Beyond Text Generation: The Future of Large Language Models
Large Language Models (LLMs) have transformed how we engage with technology and access a wealth of information. LLMs are foundational machine learning models that use deep learning algorithms to process and understand natural language thus enabling them to summarize, generate and predict new content.
The number of commercial and open LLM providers has exploded in the last two years, and there are now many options to choose from for all types of language tasks.
Future of language processing:
LLM has been quietly expanding AI’s impact in healthcare, gaming, finance, robotics, and other fields and functions, including enterprise-level development of software and machine learning. The arrival of ChatGPT marked the clear coming out of a different kind of LLM as the foundation of generative AI and transformer neural networks.
One of the most significant applications of large language models is in the field of natural language processing (NLP). NLP is another subfield of artificial intelligence that focuses on the interactions between humans and computers using natural language. LLMs have made significant contributions to NLP by improving the accuracy of language understanding, sentiment analysis, and machine translation.
While LLMs have helped AI understand human language, they’re not limited to it. New developments are making it easier to train massive neural networks on biomolecular data and chemical data. The ability to understand these “languages” lets researchers develop and deploy AI that can discover new patterns and insights in biological sequences and human health conditions.
Organizations across industries are recognizing the potential of large language models to enhance customer experiences, automate processes, and drive innovation. LLMs can help enterprises codify intelligence through learned knowledge across multiple domains.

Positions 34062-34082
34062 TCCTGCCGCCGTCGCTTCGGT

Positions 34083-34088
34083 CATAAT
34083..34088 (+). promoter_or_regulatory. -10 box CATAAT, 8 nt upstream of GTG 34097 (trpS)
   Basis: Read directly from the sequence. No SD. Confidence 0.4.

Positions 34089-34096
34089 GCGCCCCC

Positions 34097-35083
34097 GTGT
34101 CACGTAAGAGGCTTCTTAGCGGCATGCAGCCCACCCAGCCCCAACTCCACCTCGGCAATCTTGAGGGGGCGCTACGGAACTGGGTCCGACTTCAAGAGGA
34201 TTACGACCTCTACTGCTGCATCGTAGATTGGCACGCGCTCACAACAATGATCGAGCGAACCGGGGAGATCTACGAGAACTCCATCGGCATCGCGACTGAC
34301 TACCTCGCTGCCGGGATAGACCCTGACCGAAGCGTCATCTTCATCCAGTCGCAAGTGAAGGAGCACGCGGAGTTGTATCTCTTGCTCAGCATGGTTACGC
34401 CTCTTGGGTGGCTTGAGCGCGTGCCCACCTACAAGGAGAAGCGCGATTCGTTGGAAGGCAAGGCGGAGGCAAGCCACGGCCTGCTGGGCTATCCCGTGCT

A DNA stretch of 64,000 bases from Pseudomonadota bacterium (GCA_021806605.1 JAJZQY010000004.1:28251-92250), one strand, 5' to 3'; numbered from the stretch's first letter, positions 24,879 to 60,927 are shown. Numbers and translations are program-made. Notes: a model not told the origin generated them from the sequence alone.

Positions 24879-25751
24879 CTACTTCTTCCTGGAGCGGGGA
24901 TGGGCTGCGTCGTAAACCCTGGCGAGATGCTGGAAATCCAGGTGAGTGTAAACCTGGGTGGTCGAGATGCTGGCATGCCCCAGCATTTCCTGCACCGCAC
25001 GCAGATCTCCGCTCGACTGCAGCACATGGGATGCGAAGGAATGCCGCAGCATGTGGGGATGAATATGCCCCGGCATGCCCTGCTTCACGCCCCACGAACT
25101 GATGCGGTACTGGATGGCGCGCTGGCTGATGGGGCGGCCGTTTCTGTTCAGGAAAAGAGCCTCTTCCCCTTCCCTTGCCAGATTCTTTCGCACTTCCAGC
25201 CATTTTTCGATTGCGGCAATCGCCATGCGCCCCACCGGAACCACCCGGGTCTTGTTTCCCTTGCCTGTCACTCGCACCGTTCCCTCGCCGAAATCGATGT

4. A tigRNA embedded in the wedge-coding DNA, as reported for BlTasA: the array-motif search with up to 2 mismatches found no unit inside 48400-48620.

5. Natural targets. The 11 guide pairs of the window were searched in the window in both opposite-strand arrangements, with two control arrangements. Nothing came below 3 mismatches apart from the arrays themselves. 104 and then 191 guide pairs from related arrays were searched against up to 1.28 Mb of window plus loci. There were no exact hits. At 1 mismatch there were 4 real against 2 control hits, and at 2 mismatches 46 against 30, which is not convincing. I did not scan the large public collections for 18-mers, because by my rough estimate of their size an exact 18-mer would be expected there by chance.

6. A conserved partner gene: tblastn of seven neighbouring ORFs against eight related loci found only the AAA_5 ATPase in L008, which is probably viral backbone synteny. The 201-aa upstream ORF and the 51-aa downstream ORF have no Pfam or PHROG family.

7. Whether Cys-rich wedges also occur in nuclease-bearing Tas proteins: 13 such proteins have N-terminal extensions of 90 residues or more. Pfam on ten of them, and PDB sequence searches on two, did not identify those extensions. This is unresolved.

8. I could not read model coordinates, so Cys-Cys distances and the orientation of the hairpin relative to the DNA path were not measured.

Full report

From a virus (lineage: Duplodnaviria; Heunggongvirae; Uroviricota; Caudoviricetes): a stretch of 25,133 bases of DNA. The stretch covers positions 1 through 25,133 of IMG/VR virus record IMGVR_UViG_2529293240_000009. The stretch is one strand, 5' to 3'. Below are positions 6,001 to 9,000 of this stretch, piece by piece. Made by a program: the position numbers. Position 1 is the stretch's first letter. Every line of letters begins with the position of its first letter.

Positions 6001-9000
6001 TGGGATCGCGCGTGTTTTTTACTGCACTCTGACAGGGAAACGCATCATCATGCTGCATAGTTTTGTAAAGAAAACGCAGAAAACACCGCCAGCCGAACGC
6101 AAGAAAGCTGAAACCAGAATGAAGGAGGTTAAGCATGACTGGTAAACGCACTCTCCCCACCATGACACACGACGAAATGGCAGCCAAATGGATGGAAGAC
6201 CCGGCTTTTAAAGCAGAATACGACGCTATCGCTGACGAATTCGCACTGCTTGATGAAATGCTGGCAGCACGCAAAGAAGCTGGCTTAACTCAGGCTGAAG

Current market landscape:
The market landscape for LLMs is still in its early stages, but it is growing rapidly. There are a number of companies that are developing and deploying LLMs, and the market is expected to continue to grow in the coming years.
Cost of designing new language models or manufacturing ML hardware is high, so it is dominated by a few large players including OpenAI, Google, Microsoft, Amazon, Nvidia, Meta AI, Huawei, and Anthropic. LLM developers have raised nearly $12bn in equity funding so far this year — 12x as much as last year — across 10 deals. Microsoft’s $10bn round to OpenAI in January drove the surge, but 4 other LLM developers have also raised mega-rounds (worth $100m+): Cohere, Mistral AI, Adept, and Anthropic.
Many startups are building applications on top of LLMs. These improved language models allows applications to creep into new areas where they didn’t previously exist. Jasper, Copy.ai, and other startups are using LLMs to automatically generate marketing material based only on topical guidance. GitHub Copilot allows developers to generate application source code from basic prompts.
Israel-based company Tabnine, has created an AI assistant for software developers that runs multiple LLMs. It has helped more than a million developers worldwide to program faster in 20 software languages and in 15 editors.
As LLMs become more powerful and accessible, we can expect to see them used in a wider range of applications. This will have a significant impact on the way we interact with computers and the way we work and learn.